UEFA.com works better on other browsers
For the best possible experience, we recommend using Chrome, Firefox or Microsoft Edge.

World Heart Day backing

UEFA is backing the World Heart Federation (WHF) and its World Heart Day on Sunday, emphasising that football and physical activity can help to keep people healthy.

World Heart Day 2013 is celebrated on Sunday
World Heart Day 2013 is celebrated on Sunday ©World Heart Federation

UEFA is giving its support to the World Heart Federation (WHF) and its World Heart Day on Sunday – and one focal point of the campaign is how physical activity, especially walking, can help nurture a healthy lifestyle and prevent cardiovascular disease (CVD).

The World Heart Federation is one of UEFA's long-standing core social responsibility partners, and World Heart Day is celebrated on 29 September each year. The day is dedicated to raising global awareness about heart disease and stroke. The WHF created World Heart Day in 2000 to inform people worldwide that heart disease and stroke are the world's leading cause of death, and to encourage people to take action to improve their heart health.

A major theme of 2013 World Heart Day is to emphasise the importance of a life-course approach to the prevention and control of CVD, with a focus on women and children, who are as vulnerable as men to heart disease and stroke. The objective is to educate and advise women about their risk of heart disease, and inspire them to take measures to protect themselves, as well as their family, through adopting a heart-healthy lifestyle.

In addition, it is felt that modern society, and city living in particular, can heighten children's risk of heart disease and stroke through exposure to factors such as lack of physical activity, an unhealthy diet and tobacco smoke – hence the need to protect future generations against heart-related illnesses.

During this year's World Heart Day, WHF member organisations and partners are organising a variety of activities worldwide, such as public talks and screenings, walks and runs, seminars and sporting events. Another crucial theme for the day will be to 'Take the road to a healthy heart' – spurring people to increase physical activity, especially walking, and sports participation.

The WHF and international healthcare group Bupa are joining forces on World Heart Day to launch a global walking challenge, Ground Miles, with a global target of walking five million miles (eight million kilometres). The challenge – being laid to down to individuals, families and communities – will also allow people the opportunity to download a Ground Miles app to calculate the distance they walk.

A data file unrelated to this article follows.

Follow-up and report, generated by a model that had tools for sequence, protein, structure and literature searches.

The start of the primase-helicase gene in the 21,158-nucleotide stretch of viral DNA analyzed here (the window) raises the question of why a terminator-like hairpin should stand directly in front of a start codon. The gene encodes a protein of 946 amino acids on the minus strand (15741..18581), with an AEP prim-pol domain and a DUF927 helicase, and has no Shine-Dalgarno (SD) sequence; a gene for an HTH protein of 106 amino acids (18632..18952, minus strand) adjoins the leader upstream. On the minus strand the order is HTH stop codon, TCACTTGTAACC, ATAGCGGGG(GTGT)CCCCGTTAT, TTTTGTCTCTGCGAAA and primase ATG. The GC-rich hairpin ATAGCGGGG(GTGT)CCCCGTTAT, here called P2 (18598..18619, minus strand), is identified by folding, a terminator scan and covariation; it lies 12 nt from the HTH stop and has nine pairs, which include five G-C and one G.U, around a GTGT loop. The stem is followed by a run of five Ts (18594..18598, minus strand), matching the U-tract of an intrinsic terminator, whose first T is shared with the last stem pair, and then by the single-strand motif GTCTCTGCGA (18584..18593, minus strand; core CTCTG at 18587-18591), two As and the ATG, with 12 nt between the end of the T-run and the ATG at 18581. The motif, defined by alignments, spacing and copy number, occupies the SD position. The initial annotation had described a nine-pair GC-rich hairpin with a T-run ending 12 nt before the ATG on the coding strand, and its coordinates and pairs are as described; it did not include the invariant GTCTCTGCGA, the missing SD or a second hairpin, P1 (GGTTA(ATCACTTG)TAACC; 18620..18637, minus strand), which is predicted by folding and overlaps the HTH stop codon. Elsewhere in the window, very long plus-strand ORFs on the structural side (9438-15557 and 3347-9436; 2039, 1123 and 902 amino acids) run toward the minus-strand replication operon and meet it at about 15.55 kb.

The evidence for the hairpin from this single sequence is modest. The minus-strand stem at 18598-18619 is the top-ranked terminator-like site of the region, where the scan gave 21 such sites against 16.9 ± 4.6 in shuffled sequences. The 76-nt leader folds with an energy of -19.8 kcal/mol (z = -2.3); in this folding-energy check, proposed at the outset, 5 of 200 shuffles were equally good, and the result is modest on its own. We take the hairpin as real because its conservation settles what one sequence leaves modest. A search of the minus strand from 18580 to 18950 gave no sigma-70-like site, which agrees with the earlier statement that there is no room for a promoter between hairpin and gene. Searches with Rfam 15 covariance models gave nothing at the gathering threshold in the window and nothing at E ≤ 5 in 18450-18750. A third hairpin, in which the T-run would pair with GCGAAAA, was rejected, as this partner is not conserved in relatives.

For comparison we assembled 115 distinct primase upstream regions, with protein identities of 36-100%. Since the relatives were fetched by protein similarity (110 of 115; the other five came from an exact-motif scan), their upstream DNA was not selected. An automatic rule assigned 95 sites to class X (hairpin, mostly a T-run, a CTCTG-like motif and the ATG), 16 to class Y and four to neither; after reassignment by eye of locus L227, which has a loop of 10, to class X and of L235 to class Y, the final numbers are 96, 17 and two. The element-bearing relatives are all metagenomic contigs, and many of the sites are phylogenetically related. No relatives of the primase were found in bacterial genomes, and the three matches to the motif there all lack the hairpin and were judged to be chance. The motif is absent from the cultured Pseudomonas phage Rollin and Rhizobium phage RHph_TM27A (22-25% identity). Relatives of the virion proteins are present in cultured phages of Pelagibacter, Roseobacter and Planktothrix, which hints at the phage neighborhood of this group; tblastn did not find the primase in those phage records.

"We want to get people around the world walking, to reduce their risk of developing cardiovascular disease, including heart disease and stroke," said WHF CEO Johanna Ralston. "Our goal is to encourage people to collectively walk five million miles by the end of this year."

The WHF says that walking, particularly, is one of the least expensive and most broadly accessible forms of physical activity on the planet. By achieving the recommended goal of a minimum 30 minutes a day, five times a week of moderate exercise, people can boost life expectancy and cut the risk of CVD. "Your feet can carry your heart very far in life," says WHF president Dr Srinath Reddy.

UEFA emphasises through its backing for World Heart Day that there can be no better way to prevent cardiovascular diseases than by playing football – a sport which is open to everyone.

Football has tremendous power and influence, and can shape the attitudes and behaviour that affect health. Accessible to all, the game makes an enormous contribution to the physical and mental well-being of young people across the globe.

During the summer, UEFA and the World Heart Federation teamed up at UEFA Women's EURO 2013 for the Make A Healthy Heart Your Goal campaign fronted by Sweden forward Lotta Schelin. The initiative urged women and girls to live an active lifestyle and practise sports such as football to help diminish the threat of heart disease and strokes.